Just a quick post about tuning old pianos after an experience tuning an Edwardian piano for a customer in Rotherham last week, where a wooden bracket holding a celeste rail in place broke in my hands, requiring an extra gluing job. I have to stress that the wood becomes extremely brittle in pianos as they reach old age (about 80+ years; if your piano is considerably younger than this you needn’t worry), when taking the piano action out things can break in my hands even if I’m being as careful as possible. This is not due to mishandling the piano; I am always as careful as possible when performing any repair or restoration work on a piano, especially old pianos. The best option is to have the minimum amount of repair work necessary for the piano to function, because if the action is in a fragile state, there’s a risk of parts breaking, and it is difficult to find replacement parts for extremely old pianos. You can have parts remade, but it usually ends up costing more than the price of a newer, better piano. If the damage is outside the action that is less of a problem, usually a strong wood adhesive can glue back anything that breaks.
I usually have to take the celeste rail out of the piano to be able to fit my tuning wedges in between the strings as I tune the piano, but if I can avoid that I will. A broken celeste rail can lead to the sustain and damper pedals not working properly.
I’ve just been reading the home page and About Me section on this website, and I realised haven’t changed this website since I begun piano tuning professionally in the summer of 2014. The embarrassing picture of me piano tuning in my Sheffield home will need to be changed – even though I was pretend tuning at home in Sheffield, I forgot to take the celeste rail out. Most people won’t notice, but other piano tuners won’t be too impressed! There’s nothing wrong with leaving the celeste rail in, but it makes it harder to tune the piano. I have also realised the wording on some of the explainations aren’t quite clear enough, although the information itself is accurate. I’ve started making tweaks, but I can’t make too many changes or else this piano tuning website will stop appearing in search engines, which is one of the main ways potential customers in search of a piano tuner find me, especially those from Sheffield.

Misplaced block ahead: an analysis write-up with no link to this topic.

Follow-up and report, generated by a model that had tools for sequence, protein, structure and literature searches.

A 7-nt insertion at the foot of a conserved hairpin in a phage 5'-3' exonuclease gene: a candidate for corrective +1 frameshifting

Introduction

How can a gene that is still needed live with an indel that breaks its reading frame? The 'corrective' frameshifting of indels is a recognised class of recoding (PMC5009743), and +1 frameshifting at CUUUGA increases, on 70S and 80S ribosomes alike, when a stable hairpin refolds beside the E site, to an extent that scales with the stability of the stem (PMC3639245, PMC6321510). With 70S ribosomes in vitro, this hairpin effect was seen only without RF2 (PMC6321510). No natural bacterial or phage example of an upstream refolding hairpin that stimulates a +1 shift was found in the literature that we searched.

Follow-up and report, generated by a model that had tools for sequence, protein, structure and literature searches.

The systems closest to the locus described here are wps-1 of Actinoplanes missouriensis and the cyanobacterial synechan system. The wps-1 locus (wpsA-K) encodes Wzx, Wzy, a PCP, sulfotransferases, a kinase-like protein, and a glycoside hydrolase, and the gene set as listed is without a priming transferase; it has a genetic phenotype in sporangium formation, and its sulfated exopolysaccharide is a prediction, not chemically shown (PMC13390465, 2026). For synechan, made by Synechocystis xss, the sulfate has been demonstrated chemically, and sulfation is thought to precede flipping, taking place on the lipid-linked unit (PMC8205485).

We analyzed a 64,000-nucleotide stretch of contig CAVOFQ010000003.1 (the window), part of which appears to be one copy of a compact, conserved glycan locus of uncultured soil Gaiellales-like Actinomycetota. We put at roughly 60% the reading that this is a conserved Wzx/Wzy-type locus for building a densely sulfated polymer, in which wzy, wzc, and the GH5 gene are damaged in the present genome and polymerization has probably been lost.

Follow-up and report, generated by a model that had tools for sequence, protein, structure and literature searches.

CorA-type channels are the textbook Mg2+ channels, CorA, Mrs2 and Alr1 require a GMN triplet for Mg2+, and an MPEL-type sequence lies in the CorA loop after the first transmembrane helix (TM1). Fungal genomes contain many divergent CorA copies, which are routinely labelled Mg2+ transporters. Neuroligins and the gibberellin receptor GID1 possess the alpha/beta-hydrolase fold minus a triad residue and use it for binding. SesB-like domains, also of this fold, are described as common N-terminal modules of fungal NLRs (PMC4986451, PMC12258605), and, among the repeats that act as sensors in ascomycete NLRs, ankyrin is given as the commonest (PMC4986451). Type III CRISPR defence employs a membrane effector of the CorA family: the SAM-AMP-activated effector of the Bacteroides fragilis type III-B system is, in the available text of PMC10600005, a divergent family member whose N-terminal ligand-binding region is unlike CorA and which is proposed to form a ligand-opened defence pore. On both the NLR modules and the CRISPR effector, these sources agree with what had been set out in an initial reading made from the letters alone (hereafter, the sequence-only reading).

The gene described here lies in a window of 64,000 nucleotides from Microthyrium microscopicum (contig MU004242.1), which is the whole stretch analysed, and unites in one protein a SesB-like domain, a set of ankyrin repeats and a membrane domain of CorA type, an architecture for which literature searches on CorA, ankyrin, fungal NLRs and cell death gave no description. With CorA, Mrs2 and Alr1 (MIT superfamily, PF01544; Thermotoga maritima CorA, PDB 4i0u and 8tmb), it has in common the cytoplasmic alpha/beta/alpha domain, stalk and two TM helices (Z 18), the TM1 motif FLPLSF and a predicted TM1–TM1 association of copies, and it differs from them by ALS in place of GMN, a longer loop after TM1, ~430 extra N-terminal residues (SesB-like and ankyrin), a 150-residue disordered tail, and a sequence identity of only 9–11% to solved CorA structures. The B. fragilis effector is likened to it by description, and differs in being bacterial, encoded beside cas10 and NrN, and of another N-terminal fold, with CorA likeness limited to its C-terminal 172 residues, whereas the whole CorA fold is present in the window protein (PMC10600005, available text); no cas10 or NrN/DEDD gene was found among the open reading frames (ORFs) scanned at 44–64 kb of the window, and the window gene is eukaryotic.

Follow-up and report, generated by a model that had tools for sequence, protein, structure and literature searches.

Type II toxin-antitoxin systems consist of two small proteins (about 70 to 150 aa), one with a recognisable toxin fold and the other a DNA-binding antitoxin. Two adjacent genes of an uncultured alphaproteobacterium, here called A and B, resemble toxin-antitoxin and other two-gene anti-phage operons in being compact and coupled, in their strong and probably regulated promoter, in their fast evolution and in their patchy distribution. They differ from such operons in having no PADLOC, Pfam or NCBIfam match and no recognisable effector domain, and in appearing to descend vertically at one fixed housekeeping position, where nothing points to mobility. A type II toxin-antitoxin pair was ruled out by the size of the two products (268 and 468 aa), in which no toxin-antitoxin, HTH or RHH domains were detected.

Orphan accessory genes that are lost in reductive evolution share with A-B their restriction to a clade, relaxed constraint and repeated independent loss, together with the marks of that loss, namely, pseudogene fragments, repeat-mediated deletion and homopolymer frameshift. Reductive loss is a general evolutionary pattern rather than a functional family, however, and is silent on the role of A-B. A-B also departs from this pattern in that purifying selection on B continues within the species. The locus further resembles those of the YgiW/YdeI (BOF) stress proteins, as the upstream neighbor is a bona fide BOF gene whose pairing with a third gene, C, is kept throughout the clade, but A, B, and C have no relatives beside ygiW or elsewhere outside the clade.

A lot of work needs to be done on the F.A.Q. section as well, I can’t think of a lot of questions I’m regularly asked about piano tuning and repairs, but forgot to add. If you think this site is lacking in information, then don’t worry, it is in the process of being updated!
To any musos who are reading, I’m starting to upload videos of me improvising over backing tracks on guitar. Growing up I was more of a metal, blues, classical and classic rock guy, but over the last few years I’ve been listening to a lot of jazz (mainly light/smooth jazz and fusion artists such as Jonas Hellborg, Shawn Lane, and Jean-Luc Ponty) and incorporating some of that style into my playing. If you’re a pianist (you might even be a piano tuning customer of mine!) and would like a jam, as long as you’re in Sheffield or nearby, I’m usually free in the evenings!
I also play the piano and the drums just as much as guitar, but I’m not as proficient on those instruments (I’ve played guitar a lot longer; I started when I was 9).
On the piano tuning front, I was busy in December 2015 but it died down a bit around Christmas and New Year, as expected. If you would like to book a piano tuning now would be a very good time as I’ve got a lot of free spaces available in my diary, and I won’t be leaving Sheffield for the next month or two (as I’ve mentioned before, I often go to Robin Hood’s Bay on weekends and sometimes tune pianos in the Whitby and Scarborough area).